(This column was written for SB Focus during the height of the Covid outbreak. Though the restrictions have been lifted, the need to support our small and local businesses is just as important!)

By Liz Swaine

A friend recently quipped that it takes seven times doing something to form a habit. I’m not sure if that number is correct, but I do know that once a habit is entrenched, it is hard to break. That’s one of the things that has been worrying me over the last few weeks as local businesses have been told to close and stay-at-home has been encouraged. Locals, out of necessity and concern, have turned in overwhelming number to shopping online. Not only are we buying clothes, toys, music, books, and home décor, we are buying shampoo, makeup, groceries, and dog food. There is nothing we cannot get online, in many cases delivered to our door overnight. It is -unfortunately-seductively easy and getting easier by the day.

Once the stay-at-home orders are lifted and we get back to some semblance of normal, this is a habit that we need to break immediately. Our local small businesses that are mostly closed or just barely open, the ones that provide jobs and quality of life, the ones that make our city and community unique, are counting on it. They matter, and we should fight like hell to save them.

A couple of years ago, I travelled to Dallas to a workshop along with a smorgasbord of elected officials, (one from a small Texas town nearly wiped off the map by hurricane Harvey, the other, a city councilperson from Fort Worth) urban planners, a couple of developers and a significant smattering of folks with ideas but no title or position. The tie that bound us was that each person was there to learn how to fix what’s broken in their town or city.

As we talked, we realized the brokenness problem was universal to all, from tiny Hitchcock, Texas to intermediate-sized Tulsa, Oklahoma, to impressive giants Dallas, Fort Worth, and Austin. As I listened to Fort Worth, I was glad we weren’t them. As I listened to Hitchcock, I was surely glad we weren’t them. It’s like my Mom used to say, ‘Everyone has problems, some people just deal with them better.’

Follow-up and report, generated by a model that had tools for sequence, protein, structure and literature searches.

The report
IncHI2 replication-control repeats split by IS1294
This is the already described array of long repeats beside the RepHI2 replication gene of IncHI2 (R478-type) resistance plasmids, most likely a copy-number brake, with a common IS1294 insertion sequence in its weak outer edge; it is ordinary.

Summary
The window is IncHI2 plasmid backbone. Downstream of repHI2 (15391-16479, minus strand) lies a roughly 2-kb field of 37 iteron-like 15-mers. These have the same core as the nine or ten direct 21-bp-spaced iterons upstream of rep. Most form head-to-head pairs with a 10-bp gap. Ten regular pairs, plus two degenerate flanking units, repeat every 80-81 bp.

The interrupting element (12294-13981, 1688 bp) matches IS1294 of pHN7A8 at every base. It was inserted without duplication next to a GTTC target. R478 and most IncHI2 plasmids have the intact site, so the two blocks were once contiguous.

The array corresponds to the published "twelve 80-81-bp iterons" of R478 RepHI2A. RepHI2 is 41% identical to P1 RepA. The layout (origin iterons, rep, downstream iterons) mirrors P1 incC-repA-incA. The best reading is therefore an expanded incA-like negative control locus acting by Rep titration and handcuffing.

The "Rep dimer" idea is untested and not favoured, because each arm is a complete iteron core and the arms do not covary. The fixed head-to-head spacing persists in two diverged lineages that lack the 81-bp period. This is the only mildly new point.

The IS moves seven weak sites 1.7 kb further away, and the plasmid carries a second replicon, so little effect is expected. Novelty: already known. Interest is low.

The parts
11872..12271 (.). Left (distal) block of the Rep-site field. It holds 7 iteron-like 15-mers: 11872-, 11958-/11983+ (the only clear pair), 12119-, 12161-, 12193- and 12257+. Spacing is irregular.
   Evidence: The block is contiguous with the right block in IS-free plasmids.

The representative from Dallas talked about the monotonous sameness of many cities, how many areas had become ‘Generica.’ I had not heard that term before, but immediately knew exactly the type place she was referring to…the sea of concrete, beige and big box, suburbs that all look the same with few trees and unused sidewalks, towns that merge into one other with no seeming beginning or end. Ironically, the office complex/apartment building/shopping center on Mockingbird Lane that hosted us looked like every other center we had passed in getting there and was populated only by chain stores. We were meeting in the middle of Generica.

We talked about ways to break out of that, to create the places where people want to come, of creating local identity by investing in- and purchasing from- local businesses. Our local businesses- the ones that have been told during COVID-19 to close and the ones that are trying their dead-level best to stay open and not lay off employees- are uniquely ours. We know the employees and often, the owners (who might be one and the same). They are committed to our community; they support our neighborhoods and causes. We can all point to wonderful experiences and great memories at our favorite restaurants, our neighborhood bar, our favorite gift shop and more.  One of the conference speakers said that before we can touch the mind, we have to touch the heart. All these businesses- from the small roofing business that has gone the extra mile to order hand sanitizer for customers to the tiny restaurant that is delivering groceries to make ends meet- are doing daily small acts of heroism. In doing so, they are touching our heats. They are doing their jobs. At the point that we can, let’s do ours and swing our support from online and far away to local. I am willing to break a habit to help them survive, and I hope that you will, too.